A roundup from Dame Til Wykes, Professor of Clinical Psychology and Rehabilitation at King's College
It’s estimated that over one billion people globally have a mental, neurodevelopment or substance use disorder (IHME, 2017). Is technology leading the charge toward a mental health revolution? And where will we see opportunities for growth and investment?
There are signs that tech will be the next big battleground for the pharmaceutical industry. “Pharmaceutical companies are now getting interested in tech. They’re seeing it as another arm of their work,” Wykes observed. “Given the general lack of evidence of drugs and the negative consequences we’ve had of giving out adult drugs to children, [the young person’s field] is a space pharmaceutical companies are likely to start getting into.” Half of all mental illness begins by the age of 14, but most cases go undetected and untreated (WHO, 2018).
There are many ways in which tech could help support people with mental health issues. “In stepped care, you might want to introduce some form of app to help people self-manage before they come into formal health services,” Wykes explained. “But you could use the same kind of app as people come out of mental health services as well, to help with their recovery and to maintain their functioning.”
King’s College London is currently conducting RADAR-CNS – a new collaborative research programme that will explore the potential of wearable devices to help prevent and treat depression, multiple sclerosis and epilepsy. “In the study, we’re using tech to see if we can predict problems in mental health – in particular, predicting whether people with depression will have a relapse,” said Wykes. “That way, we can get in quick and provide them with treatment. And we know that faster treatment means that you’re going to have a faster recovery.”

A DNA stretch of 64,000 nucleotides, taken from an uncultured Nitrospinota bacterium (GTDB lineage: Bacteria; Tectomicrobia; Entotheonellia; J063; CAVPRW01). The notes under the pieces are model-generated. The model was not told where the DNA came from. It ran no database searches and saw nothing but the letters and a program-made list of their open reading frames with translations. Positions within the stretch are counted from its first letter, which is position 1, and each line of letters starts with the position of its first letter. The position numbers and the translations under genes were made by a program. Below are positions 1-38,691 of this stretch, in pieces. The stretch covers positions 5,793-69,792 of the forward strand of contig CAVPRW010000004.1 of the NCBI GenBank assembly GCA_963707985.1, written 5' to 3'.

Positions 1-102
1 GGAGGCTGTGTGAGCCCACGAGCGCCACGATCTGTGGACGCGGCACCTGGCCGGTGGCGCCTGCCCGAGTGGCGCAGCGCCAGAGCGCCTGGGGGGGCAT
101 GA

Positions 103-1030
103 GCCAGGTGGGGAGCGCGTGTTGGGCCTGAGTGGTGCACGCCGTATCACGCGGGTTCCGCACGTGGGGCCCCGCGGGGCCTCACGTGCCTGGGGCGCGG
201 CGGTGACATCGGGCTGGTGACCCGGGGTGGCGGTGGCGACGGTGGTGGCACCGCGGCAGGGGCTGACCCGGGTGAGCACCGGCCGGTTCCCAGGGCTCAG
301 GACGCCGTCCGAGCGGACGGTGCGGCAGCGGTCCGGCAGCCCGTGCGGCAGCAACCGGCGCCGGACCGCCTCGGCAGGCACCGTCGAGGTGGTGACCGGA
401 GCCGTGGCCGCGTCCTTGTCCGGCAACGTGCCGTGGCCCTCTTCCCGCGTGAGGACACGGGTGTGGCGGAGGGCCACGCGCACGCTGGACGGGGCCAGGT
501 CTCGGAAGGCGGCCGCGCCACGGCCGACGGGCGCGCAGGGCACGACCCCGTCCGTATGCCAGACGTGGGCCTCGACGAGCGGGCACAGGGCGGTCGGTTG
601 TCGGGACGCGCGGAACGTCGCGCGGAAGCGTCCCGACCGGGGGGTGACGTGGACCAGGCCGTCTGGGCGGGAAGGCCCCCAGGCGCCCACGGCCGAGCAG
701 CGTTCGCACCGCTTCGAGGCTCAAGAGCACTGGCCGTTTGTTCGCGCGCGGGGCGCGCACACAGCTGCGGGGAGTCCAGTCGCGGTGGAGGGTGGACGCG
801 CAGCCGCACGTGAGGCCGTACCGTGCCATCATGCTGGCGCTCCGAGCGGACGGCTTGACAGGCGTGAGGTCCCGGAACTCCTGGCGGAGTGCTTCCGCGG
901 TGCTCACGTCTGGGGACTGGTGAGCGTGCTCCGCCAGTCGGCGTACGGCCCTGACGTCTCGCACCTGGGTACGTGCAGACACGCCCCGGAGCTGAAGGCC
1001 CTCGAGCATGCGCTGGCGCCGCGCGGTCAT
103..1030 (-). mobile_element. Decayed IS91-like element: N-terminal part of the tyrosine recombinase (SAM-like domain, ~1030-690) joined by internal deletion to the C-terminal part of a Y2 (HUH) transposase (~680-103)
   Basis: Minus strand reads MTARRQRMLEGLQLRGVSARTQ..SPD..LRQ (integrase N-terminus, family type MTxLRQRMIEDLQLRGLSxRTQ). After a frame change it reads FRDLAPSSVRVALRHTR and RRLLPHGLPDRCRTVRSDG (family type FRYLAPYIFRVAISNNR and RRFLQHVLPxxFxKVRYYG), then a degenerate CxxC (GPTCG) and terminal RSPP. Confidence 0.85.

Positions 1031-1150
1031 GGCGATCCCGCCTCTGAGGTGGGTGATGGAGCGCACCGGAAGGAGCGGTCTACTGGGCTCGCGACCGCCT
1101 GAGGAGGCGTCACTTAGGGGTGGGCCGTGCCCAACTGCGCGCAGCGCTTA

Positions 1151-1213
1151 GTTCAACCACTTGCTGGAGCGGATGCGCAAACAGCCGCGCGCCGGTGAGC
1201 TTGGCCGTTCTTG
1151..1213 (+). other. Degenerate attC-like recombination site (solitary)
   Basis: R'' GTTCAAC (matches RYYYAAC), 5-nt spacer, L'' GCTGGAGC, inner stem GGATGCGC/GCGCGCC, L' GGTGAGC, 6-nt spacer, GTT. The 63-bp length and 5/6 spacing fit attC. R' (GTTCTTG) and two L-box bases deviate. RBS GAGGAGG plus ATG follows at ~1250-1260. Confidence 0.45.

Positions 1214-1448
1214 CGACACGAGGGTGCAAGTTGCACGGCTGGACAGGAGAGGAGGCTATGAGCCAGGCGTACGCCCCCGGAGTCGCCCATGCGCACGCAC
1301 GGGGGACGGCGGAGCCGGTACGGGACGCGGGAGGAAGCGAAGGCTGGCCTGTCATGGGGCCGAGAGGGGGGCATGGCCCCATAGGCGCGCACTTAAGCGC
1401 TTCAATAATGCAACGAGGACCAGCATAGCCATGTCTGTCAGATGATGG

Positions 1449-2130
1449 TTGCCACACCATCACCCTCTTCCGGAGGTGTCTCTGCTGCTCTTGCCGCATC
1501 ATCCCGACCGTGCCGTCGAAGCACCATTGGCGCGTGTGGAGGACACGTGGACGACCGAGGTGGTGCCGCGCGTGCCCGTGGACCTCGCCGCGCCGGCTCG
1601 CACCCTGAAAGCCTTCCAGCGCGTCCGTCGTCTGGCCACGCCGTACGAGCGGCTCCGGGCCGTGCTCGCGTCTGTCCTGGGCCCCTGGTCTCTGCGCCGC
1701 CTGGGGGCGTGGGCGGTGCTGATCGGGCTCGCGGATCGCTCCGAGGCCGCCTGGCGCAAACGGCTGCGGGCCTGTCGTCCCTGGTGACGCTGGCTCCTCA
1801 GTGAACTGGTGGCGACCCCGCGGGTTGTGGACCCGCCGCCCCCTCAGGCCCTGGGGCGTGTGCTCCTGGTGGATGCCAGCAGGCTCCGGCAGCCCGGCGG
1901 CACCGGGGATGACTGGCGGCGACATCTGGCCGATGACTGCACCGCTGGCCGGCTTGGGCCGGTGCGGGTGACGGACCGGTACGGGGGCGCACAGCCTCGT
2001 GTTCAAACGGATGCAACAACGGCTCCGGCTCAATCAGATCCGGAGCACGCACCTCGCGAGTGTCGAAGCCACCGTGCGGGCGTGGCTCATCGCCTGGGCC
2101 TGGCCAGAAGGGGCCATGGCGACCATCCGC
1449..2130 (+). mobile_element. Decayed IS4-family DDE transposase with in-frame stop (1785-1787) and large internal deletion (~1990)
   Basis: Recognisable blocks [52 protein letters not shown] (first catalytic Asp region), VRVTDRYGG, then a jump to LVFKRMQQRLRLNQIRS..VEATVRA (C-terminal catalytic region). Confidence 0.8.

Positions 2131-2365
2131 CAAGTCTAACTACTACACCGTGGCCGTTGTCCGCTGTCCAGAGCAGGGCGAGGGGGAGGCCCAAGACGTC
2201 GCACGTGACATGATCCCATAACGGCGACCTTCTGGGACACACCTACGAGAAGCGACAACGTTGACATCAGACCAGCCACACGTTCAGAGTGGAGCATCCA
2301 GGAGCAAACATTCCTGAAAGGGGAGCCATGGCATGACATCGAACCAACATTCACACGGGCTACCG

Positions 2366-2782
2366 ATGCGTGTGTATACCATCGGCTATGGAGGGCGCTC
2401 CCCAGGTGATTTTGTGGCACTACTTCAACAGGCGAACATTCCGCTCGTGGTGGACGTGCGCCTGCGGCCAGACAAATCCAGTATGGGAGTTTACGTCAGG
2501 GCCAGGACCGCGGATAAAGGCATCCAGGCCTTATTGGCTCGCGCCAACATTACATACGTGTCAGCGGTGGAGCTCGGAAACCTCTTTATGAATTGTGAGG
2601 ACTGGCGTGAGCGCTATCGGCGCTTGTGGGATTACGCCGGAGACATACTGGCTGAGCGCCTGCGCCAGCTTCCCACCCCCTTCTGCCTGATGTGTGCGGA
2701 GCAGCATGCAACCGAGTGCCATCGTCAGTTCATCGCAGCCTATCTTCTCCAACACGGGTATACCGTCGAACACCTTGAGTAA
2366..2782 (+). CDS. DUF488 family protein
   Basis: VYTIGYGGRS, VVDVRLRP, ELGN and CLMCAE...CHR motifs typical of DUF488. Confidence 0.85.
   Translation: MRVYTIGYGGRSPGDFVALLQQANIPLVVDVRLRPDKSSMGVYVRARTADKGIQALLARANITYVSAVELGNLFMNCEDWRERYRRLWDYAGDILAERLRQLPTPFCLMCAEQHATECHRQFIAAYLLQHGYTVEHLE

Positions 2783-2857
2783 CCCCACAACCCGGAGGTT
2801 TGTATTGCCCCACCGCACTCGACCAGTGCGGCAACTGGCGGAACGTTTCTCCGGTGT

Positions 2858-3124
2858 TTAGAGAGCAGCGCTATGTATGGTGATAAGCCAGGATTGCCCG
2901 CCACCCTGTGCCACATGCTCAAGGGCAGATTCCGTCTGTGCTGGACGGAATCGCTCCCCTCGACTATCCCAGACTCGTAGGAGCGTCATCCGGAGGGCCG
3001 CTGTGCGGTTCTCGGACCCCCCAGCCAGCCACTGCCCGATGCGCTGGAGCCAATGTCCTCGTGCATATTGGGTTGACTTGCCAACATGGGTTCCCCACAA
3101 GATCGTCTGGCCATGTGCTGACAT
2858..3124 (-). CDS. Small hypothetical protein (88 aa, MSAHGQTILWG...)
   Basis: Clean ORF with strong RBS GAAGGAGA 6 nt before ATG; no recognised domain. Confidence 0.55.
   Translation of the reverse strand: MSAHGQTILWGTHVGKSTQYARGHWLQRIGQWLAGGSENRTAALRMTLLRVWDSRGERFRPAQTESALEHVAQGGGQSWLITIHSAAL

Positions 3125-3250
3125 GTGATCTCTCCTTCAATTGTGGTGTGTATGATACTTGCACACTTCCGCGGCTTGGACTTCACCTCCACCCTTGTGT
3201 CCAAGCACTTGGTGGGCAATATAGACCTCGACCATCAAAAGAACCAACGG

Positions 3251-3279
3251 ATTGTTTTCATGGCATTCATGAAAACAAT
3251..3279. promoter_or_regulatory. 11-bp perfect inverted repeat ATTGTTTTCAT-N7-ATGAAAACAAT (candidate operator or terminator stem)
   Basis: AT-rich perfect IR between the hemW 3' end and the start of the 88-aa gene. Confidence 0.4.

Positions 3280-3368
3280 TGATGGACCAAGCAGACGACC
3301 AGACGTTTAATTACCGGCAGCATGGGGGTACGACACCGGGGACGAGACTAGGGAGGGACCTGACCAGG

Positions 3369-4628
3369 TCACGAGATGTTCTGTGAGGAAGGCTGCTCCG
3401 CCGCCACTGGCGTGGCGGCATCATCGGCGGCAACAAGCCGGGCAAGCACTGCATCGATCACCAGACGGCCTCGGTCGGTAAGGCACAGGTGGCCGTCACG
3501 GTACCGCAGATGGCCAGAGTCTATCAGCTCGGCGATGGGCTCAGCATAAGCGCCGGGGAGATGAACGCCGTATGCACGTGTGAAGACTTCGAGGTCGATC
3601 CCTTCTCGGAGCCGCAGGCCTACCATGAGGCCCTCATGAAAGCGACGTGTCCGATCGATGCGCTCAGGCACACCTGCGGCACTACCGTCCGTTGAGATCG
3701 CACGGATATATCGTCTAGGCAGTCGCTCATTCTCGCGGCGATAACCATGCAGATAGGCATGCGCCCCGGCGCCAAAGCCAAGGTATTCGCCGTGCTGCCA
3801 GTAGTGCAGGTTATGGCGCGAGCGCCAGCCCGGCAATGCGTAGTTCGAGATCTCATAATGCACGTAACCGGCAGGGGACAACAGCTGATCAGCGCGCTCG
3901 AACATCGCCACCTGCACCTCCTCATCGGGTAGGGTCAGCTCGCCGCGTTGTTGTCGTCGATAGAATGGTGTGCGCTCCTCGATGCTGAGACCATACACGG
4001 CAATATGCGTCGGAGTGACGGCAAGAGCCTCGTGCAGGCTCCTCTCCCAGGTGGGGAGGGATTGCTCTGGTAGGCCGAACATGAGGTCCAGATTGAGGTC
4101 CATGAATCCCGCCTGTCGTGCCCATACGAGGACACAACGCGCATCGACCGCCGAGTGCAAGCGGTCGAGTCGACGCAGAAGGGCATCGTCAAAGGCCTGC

The insurance industry also stands to benefit from embracing tech-fuelled treatments. Blended care – with a tech intervention, plus formalised clinical care – “may be a cheaper way of providing services” for insurers, Wykes noted. She suggested that insurers “pay for randomised controlled trials to find the benefit [of the technologies], so they know which ones to recommend”.
Healthcare apps have flooded into the mental health space – there are 325,000 so-called health apps, 78,000 of which were added last year. However, “we do not know whether they provide benefits”, Wykes warned. “Stars on the app store do not indicate whether something actually helps… If there are any plans to develop any mental health interventions, there must be a user group to provide the right feedback.”
“If you are a responsible app developer, you will be working out which areas are the key ones that people need help with,” Wykes pointed out. “It’s a commercial advantage to do that, as it’s likely the app will be feasible and effective. Always engage before you start – not when you’ve got the idea and you’ve mapped out the software program you want to involve. Do it now.”
“Users want to know what data is collected, whether it’s safe and who is using it,” Wykes continued. “We need to know how the app was developed, efficacy and dosing in the app. All of that information should be provided by developers at the point of sale. When we download the app in an app store, we should be given that information, so that we can balance up [the risks and benefits]. Some people will agree to share data if they know the benefits are high. It needs to be information that people understand, not ‘legalese’ within a long set of terms and conditions, which nobody is going to wade through.”
Content provided by King's College London from Web Summit 2018 in Lisbon. View the original article here.